What is the claim in an argumentative text quizlet?

What is the claim in an argumentative text quizlet?

A claim is a statement that the author wishes the reader to believe to be true. A claim can be contested (debatable). To put it another way, the reader may disagree with the author. You just finished 15 terms of study! You must be tired of hearing about taxes, government, politics, and history. You want to learn more about science and mathematics.

Science has many different subjects within its scope. Mathematics is part of science. So is physics. Biology is part of science. Even social studies are considered scientific disciplines because they involve research on humans and societies. The point is that science is all around us and into which field we choose to focus our attention depends on what interests us most. History is full of claims made by historians about events that have been proven false over time. However, even historical facts can help us understand how people thought about certain issues back then so they can be used as guideposts for how people should think about those issues today.

Argumentative essays include claims in their texts. In an argumentative essay, the writer gives his or her opinion on the topic and explains why he or she believes as does. The writer might also give examples from history to support his or her argument. Finally, the writer ends with a call-to-action: suggesting a solution or proposing a debate topic.

Often, argumentative essays require you to make a claim yourself.

What is the purpose of a claim in a literary analysis?

A claim in literature is a statement that declares something to be true. A claim might be either factual or judicial in nature. Claims can be used alone or in combination with others to construct a wider argument. In an essay, a claim should be clearly identified as such.

Some examples of claims you may have read or heard in newspapers and magazines include "Marriage is between a man and a woman", "Freedom of speech protects even words", and "Shakespeare was born in April". All of these statements are called claims because they declare or imply that something is true about marriage, freedom of speech, or Shakespeare. They are all simple claims though some are more specific than others. "Marriage is between a man and a woman" is a factual claim; it's saying that marriage consists of one man and one woman. "Freedom of speech protects even words" is a legal claim; it says that freedom of speech includes the right to say anything whether other people like it or not. "Shakespeare was born in April" is a judicial claim; it's saying that the date of Shakespeare's birth can be accurately calculated using the method described by Francis Bacon.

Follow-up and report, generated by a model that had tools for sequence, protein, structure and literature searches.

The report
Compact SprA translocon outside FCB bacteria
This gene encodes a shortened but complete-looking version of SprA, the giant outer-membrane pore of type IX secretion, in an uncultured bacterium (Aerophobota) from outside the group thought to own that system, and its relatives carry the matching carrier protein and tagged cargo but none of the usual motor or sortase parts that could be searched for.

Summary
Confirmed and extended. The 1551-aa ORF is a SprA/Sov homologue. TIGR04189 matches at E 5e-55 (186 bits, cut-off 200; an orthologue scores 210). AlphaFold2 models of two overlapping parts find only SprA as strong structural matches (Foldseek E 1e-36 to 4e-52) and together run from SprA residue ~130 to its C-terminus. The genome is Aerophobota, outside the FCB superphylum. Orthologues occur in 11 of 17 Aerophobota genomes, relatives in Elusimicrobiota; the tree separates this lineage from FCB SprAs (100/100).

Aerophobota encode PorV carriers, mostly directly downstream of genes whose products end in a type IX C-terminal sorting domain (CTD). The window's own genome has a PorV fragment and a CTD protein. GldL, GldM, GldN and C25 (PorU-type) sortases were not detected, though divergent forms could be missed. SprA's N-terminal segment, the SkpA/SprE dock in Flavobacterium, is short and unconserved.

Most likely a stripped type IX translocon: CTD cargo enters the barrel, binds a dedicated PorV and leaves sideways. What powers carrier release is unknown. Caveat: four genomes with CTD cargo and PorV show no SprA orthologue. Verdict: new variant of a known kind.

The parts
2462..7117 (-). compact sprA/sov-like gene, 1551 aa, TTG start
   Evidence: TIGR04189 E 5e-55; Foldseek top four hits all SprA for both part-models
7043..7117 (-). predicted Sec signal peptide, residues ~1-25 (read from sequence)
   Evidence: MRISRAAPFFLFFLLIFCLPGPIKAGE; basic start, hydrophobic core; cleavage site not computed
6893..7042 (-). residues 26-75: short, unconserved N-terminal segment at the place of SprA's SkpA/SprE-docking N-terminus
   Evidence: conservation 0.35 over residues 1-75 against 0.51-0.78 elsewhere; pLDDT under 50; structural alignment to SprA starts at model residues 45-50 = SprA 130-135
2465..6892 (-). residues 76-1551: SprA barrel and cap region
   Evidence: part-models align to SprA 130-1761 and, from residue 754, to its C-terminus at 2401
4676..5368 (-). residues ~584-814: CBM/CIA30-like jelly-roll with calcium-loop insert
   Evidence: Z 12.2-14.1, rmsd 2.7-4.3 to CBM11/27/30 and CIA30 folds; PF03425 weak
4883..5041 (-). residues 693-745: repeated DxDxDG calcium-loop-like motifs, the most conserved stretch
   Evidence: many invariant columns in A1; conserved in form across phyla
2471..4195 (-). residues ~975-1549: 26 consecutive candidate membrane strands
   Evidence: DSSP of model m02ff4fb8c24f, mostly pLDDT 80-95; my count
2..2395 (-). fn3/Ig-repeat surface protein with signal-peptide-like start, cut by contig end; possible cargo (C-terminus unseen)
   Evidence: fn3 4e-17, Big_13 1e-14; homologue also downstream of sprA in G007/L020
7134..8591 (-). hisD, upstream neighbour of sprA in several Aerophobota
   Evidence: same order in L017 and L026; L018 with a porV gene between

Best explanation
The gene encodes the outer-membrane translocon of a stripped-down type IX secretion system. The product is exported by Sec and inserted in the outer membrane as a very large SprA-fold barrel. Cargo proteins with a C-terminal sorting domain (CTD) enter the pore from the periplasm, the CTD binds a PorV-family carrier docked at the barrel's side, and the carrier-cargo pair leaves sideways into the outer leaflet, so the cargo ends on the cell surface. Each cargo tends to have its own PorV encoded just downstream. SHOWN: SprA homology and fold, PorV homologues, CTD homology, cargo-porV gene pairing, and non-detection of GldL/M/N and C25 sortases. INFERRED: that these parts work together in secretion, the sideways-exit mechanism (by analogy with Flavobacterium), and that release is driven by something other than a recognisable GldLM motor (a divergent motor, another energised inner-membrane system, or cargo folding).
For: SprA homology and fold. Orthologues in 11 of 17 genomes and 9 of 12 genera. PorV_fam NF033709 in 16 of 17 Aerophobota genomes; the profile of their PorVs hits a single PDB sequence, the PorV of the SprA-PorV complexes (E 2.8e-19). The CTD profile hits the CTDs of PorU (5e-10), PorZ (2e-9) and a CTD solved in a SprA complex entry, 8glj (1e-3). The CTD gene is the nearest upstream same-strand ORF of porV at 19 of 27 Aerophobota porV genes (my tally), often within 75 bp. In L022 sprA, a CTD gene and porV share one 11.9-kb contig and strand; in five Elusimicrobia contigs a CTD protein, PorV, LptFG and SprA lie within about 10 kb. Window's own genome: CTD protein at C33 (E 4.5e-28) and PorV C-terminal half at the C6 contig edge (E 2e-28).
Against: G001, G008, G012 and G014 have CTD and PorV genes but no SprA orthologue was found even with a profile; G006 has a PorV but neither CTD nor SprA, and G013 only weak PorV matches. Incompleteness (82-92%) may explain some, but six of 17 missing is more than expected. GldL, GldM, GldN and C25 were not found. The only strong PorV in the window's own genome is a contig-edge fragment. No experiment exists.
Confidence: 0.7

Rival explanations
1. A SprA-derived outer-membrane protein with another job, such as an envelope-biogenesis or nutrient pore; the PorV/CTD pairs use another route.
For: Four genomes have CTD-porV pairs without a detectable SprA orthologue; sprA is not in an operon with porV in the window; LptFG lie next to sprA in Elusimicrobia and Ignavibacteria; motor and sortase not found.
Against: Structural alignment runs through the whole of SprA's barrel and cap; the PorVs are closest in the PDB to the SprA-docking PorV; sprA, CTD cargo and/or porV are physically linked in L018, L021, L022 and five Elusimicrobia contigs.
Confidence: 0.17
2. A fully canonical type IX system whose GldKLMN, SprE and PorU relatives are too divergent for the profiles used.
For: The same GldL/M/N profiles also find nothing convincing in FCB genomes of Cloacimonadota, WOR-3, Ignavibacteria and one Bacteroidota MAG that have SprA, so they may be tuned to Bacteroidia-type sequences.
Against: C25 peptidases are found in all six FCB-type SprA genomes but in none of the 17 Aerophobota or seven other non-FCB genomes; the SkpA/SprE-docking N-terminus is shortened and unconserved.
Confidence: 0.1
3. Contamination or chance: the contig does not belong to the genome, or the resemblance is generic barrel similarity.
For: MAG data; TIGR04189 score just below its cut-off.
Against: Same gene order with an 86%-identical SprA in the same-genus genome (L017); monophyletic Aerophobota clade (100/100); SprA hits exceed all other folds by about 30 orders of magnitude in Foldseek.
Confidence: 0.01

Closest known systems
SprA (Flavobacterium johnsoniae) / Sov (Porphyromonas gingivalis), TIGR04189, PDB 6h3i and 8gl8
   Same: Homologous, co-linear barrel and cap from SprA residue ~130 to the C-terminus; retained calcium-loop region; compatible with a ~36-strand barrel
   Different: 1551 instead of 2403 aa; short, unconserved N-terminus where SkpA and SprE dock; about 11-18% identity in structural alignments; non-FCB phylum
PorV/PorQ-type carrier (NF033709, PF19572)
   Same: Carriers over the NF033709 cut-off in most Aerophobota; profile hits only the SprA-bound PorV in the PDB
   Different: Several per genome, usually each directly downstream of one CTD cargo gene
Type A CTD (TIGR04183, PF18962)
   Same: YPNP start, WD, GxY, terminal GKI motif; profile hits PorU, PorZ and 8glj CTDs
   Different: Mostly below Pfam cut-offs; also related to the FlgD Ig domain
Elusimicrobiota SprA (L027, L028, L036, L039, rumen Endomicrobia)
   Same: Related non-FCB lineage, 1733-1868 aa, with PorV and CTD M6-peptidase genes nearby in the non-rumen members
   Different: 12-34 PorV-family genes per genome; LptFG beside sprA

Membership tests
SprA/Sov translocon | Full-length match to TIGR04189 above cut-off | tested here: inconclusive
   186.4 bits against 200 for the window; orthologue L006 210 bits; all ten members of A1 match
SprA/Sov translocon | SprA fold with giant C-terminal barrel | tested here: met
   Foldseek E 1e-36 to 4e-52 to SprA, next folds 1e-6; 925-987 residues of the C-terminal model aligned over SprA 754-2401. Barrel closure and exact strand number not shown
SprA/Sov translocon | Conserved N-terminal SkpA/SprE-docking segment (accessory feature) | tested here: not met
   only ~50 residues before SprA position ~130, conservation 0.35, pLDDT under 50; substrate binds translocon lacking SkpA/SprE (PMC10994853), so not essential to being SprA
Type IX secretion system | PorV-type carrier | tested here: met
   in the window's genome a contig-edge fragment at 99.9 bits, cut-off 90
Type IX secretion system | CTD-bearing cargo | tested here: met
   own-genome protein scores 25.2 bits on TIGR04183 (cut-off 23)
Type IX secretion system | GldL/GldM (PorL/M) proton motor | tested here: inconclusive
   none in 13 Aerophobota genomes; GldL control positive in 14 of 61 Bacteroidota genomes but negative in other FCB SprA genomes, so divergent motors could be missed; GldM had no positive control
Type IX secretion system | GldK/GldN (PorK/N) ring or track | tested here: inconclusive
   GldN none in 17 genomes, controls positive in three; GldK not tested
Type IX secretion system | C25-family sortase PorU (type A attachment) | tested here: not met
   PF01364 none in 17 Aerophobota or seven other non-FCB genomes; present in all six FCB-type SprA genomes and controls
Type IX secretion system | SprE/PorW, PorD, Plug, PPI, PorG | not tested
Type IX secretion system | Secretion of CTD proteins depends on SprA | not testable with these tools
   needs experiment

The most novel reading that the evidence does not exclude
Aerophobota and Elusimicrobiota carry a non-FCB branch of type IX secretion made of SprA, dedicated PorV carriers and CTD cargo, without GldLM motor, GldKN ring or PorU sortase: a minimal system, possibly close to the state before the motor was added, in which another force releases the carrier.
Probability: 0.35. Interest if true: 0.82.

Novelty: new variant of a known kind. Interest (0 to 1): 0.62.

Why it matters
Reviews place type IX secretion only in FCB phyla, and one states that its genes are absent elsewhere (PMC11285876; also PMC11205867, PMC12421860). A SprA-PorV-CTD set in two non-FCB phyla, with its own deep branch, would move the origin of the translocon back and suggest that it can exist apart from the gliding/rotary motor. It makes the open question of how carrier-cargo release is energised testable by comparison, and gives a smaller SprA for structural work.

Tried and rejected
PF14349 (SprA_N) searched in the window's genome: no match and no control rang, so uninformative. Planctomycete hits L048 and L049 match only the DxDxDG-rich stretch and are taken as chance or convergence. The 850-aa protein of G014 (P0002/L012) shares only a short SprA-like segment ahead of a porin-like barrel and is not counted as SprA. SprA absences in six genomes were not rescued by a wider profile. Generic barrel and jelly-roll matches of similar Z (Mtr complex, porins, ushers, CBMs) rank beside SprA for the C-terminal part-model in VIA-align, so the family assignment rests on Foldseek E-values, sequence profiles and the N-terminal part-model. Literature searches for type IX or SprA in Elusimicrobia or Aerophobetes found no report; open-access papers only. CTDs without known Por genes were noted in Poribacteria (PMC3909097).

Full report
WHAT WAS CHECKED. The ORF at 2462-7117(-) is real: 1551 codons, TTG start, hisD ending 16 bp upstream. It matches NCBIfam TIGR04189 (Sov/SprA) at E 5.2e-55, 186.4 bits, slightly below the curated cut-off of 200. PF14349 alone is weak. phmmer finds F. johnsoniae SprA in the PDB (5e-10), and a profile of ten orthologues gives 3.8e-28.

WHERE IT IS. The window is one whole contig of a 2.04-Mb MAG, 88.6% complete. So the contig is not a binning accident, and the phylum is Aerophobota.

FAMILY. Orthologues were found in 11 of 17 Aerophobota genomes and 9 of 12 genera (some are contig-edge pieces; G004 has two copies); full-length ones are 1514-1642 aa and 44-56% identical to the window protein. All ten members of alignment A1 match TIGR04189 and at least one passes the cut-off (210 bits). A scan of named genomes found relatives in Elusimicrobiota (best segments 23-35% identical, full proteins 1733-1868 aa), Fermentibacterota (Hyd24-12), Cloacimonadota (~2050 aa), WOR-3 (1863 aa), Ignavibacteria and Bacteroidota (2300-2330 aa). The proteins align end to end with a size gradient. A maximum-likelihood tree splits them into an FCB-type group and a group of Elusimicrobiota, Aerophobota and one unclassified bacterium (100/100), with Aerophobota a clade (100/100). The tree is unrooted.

In academic writing, claims often appear in abstracts or introductions to essays or articles. For example, a writer might state at the beginning of an article that violence is wrong without explaining why in detail.

What does "claim" mean in an English class?

Definition of a Claim A claim is a statement that is inherently debatable yet is used as the main point to support or establish an argument. Making a claim is when someone makes an argument to defend their stance. Various explanations are often offered to demonstrate why a particular claim should be recognized as logical. For example, someone might claim that two things are equivalent because they see them as such or because science has proven that they are so.

Making a claim doesn't necessarily imply that you are trying to convince others to agree with you. It can also be done simply to inform others of your position on an issue. For example, if I were to make a claim that people should not eat meat because it is cruel, that would be a claim I'm making even though I don't want anyone else to think differently about meat-eating. Claims can also be made without intending to argue for them. For example, someone might simply state their opinion about something and leave it at that; they have made a claim even though they weren't arguing for it.

Claims can be classified into two categories: substantive and procedural. Substantive claims deal with facts or principles while procedural claims focus on laws or other practices. For example, one could make the claim that ice cream is better than milk by stating a factual matter but one could not make a procedural claim by saying that restaurants should serve only ice cream instead of both ice cream and milk because that would violate some law or rule.

About Article Author

David Suniga

David Suniga is a writer. His favorite things to write about are people, places and things. He loves to explore new topics and find inspiration from all over the world. David has been published in The New Yorker, The Atlantic, The Guardian and many other prestigious publications.


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